If there's a less curious reporter than Eric Roper, I don't want to meet him. I've seen pet rocks with more curiosity than the Strib reporter demonstrated in the linked report. Consider the following paragraphs which Roper relayed without any hint of an attempt at follow-up:
In their Sunday evening coverage of the Minnesota government shutdown, Associated Press reporters Steve Karnowski and Amy Forliti failed to mention any form of the word "tax," failed to mention "spending" in the context of government outlays, and fretted that a prolonged shutdown might cause a "brain drain" from state government.
The failure to bring up taxes is clearly the item's most egregious oversight, since the shutdown is all about taxes, specifically Democratic Governor Mark Dayton's refusal to sign a state budget that doesn't contain tax increases on high income-earners.
Looking for updates on the Connecticut state budget mess earlier this afternoon, I searched the Associated Press's national site on the last name of Democratic Nutmeg State Governor Dannel Malloy, and found nothing recent (graphic saved here for future reference).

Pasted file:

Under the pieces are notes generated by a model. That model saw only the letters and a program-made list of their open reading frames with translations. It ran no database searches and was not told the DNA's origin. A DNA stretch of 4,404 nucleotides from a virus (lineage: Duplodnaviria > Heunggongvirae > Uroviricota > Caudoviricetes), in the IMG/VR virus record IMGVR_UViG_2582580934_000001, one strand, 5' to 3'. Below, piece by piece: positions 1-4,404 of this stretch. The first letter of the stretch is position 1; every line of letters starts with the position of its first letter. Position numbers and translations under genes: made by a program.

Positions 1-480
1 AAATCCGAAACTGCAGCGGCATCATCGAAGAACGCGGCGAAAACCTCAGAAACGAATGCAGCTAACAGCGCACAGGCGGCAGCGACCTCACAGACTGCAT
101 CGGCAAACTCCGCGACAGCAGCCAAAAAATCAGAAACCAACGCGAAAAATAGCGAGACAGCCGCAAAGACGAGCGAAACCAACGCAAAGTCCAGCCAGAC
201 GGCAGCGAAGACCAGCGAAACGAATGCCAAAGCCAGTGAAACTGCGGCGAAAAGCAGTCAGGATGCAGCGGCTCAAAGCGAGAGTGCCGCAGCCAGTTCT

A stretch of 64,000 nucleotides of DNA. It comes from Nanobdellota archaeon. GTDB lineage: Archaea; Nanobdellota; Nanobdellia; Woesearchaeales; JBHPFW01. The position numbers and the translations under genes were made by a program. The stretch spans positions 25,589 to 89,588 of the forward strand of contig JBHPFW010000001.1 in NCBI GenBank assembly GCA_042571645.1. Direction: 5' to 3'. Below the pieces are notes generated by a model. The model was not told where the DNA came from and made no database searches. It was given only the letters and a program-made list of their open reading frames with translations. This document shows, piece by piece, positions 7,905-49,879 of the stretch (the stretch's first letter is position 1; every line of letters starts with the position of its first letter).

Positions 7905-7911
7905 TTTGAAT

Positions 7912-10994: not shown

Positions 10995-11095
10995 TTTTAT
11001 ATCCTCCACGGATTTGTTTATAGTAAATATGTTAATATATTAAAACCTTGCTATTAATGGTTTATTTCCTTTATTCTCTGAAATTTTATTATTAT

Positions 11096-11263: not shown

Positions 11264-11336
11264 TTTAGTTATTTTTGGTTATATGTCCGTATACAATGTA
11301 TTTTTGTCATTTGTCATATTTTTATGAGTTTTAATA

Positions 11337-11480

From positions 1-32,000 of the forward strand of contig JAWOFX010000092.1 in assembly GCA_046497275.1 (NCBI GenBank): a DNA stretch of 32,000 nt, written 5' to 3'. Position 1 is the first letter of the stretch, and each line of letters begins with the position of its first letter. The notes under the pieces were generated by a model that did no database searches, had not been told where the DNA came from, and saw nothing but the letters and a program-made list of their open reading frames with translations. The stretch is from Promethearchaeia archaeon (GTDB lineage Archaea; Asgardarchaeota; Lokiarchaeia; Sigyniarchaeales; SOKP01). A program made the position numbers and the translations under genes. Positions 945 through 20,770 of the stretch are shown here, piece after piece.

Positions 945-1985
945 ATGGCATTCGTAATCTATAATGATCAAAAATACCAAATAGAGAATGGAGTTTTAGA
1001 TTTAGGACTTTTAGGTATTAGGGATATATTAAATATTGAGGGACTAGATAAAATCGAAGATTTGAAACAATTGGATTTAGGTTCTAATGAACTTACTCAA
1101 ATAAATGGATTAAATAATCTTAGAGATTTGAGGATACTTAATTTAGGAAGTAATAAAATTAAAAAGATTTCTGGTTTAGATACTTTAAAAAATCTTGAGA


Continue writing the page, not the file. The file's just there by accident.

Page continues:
But there were two stories originating from the state which the wire service, the nation's de facto news gatekeeper, deemed worthy of national attention. Brace yourself.
I had to do a double take when I looked over this afternoon's dispatch out of St. Paul, Minnesota from Patrick Condon of the Associated Press.
Readers unfamiliar with the Gopher State budget impasse to this point would fail to learn from the AP report that the dispute is all about raising taxes. Democratic Governor Mark Dayton wants tax increases on "the wealthy" (which really means high income-earners, whether or not they happen to be wealthy). The state's top marginal tax rate is already a very high 7.85%.
Dayton has chosen to shut down the government because the Republican-controlled legislature won't pass a budget containing his desired tax increases. It really is that simple. Minnesota's government is closed (actually, partially closed) because Mark Dayton chose to close it. Period.